Chinese children have one of the highest rates of myopia in the world. However, we knew little about the accuracy of the vision care services available to rural Chinese students.
Partnering with a team of doctors from the Zhongshan Ophthalmic Center (ZOC), we tested the quality of autorefraction performed by rural clinicians.
In September and October 2012, local teams of one nurse and one assistant conducted visual acuity screenings for students in the Shaanxi and Gansu provinces. In total, they screened 10,309 students (grades 4-6) in 253 primary schools. One week later, a refractionist from a local private optical shop, accompanied by the local nurse and assistant, returned to the schools and conducted autorefraction examinations to prescribe eyeglasses to the students.
After one month, a team of optometrists and ophthalmologists from the ZOC performed quality checks at 1/3 of the schools screened. At each school, the team performed visual acuity testing and automated refraction on five students with vision problems correctable by glasses and on all of the children with problems that the local clinicians could not treat.
We compared the treatment from the rural clinicians to the treatment from the ZOC doctors.
Overall, we found that local clinicians are undertrained in how to use autorefractors and how to treat children with severe vision problems.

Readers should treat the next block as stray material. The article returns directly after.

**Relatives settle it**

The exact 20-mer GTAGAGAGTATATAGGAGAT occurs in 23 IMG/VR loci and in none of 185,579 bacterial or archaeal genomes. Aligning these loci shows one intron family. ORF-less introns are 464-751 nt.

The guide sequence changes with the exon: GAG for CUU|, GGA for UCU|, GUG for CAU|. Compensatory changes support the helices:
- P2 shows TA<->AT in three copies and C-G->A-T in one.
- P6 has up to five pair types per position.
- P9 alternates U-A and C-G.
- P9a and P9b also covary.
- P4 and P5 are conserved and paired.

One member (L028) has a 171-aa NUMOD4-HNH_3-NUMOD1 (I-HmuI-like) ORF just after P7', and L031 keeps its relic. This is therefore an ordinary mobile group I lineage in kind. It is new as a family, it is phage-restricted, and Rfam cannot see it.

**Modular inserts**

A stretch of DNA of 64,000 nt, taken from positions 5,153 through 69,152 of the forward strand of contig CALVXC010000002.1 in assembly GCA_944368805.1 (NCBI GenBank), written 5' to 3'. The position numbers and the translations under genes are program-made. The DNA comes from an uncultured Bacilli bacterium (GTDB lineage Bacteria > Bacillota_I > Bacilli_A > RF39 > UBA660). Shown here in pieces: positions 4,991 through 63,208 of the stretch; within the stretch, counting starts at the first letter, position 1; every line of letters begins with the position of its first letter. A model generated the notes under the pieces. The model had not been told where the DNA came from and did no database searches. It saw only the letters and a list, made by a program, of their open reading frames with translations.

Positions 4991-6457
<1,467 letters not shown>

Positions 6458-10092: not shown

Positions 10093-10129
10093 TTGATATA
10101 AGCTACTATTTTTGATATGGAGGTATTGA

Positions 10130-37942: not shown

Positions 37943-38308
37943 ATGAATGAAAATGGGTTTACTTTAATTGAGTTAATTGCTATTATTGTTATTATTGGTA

Rural clinicians did not have much education: only 28.6% attended college. They lack adequate training in how to use the autorefraction machine. While the measurements for the majority of children were accurate, particularly for those with simple myopia, certain conditions were associated with relatively poor accuracy, including astigmatism, far-sightedness (hyperopia) and vision uncorrectable by glasses.
The rural clinicians lack the knowledge to treat severe vision problems. Rural clinicians were unable to correct over 1/5 of children with poor vision using glasses. Of the children that rural clinicians were unable to treat, ZOC doctors were able to improve the vision of 54.1%. Thus, 11% of all children with poor vision are missing out on the opportunity to improve their vision, and therefore losing the chance to improve their academic success and quality of life.